Traditional Irish Name

Baile Nua – new town.

Associated Families



Civil ParishClonelty.
OS Map RefSheet 37.

Protected Structure Record

Reg. No: 1699.
Ref.  No: N37(14).


Ballinoe/Ballynoe Castle was an important traditional stronghold of the MacSheehy family.

Ballinoe Castle (like Ballyegnybeg, Ballyguilleataggle and Ballyvoghan) has been cut down to a couple of floors.
It was described in 1840 as it looks at present: a fragment of a castle, with only about 20 feet of the building still standing.1

The remaining architectural features include a few original slit windows, and the top remaining floor is arched.


Much of the building is overgrown with vegetation. Its fabric has been much altered and it is gutted internally.2

(For an idea of how an ivy-free Ballinoe might look externally, see Image Gallery (below) for a side by side view with Ballyegnybeg, another almost identical truncated castle).


The remains of the castle lie in a farmyard. Permission is required.

Historical Timeline

1570:Ballinoe Castle and lands held by Owen MacSheehy. He is one of the principal freeholders and gentlemen in the county of Limerick.
1584:Some of the MacSheehys of Ballinoe fought and died with the earl of Desmond and are consequently proclaimed as ‘rebels’.
1587:Ballinoe Castle and lands are seized after the Desmond rebellion and granted to Henry Oughtred as part of the Munster Plantation.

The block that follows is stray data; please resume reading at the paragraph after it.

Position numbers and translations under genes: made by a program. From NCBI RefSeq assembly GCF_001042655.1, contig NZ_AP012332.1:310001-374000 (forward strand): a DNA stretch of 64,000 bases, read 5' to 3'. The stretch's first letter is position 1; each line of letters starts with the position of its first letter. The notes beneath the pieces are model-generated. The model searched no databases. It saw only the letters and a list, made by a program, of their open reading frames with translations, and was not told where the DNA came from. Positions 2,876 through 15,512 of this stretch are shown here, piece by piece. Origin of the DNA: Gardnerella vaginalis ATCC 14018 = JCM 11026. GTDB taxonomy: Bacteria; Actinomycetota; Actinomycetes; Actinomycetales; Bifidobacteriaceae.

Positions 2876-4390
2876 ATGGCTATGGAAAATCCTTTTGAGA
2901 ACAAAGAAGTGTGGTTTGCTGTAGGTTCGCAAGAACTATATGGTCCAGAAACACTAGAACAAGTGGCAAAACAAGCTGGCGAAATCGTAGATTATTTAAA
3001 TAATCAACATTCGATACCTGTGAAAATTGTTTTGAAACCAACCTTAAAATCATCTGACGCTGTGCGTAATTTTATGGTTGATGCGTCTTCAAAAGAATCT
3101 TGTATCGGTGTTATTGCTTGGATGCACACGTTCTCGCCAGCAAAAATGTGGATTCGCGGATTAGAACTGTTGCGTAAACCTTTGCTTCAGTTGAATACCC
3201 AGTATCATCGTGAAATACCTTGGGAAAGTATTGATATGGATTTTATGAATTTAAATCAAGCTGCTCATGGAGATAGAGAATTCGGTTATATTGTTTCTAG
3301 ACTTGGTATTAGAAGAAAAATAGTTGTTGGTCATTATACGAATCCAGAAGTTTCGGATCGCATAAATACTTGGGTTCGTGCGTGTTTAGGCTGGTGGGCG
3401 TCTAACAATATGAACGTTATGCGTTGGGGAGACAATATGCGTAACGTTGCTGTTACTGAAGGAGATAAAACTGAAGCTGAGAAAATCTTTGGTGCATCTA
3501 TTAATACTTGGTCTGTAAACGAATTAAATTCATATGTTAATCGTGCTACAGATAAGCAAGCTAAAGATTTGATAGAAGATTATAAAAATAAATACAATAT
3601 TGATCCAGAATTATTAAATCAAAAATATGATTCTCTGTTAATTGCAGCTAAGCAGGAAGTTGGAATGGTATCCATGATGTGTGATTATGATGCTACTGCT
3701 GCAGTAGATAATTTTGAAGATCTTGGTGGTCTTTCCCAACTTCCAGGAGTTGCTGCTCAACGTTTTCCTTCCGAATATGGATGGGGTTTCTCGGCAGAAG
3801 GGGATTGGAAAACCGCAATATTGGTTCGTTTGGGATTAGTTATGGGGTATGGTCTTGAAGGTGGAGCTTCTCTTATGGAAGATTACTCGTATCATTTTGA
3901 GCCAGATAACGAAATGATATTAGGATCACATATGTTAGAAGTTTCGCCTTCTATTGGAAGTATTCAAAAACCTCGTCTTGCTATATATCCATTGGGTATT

1607:Castle and lands granted to James Fullerton.
1641:Castle besieged and taken by Irish Confederates under Captain William Cullum, who offers quarter to its defenders.

Cullum is later accused of breaking his word and of hanging the castle warders.3

1655:The castle, then the property of Colonel Francis Courtenay, is in ruin.


1 Ordnance Survey Letters, Clonelty parish, 170 and Field Name Books, 17.
2 See C.J. Donnelly, ‘A typographical study of the tower houses of Limerick’ in JRSAI, vol. 129 (1999), 33.
3 See 1641 Depositions: Samuell Wishlade, 8/3/1643, 1641 Depositions, TCD, MS 829.


All historical information is compiled from archival material; primary sources (such as State Papers); secondary sources; plus authoritative digital sources (such as CELT). Any direct quote or a further reading suggestion is footnoted.

For queries, suggested amendments, or other relevant information, or if you would like to contribute an archival image of Ballinoe Castle (of which you own the copyright), please leave a comment at the bottom of the page, or email (below).


Image Gallery

Images can be viewed individually or on a slideshow. To quit: hit ‘esc’ on keyboard, or simply click away from image.
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If you have any difficulty in viewing images, please contact us (above).

Castle location on map

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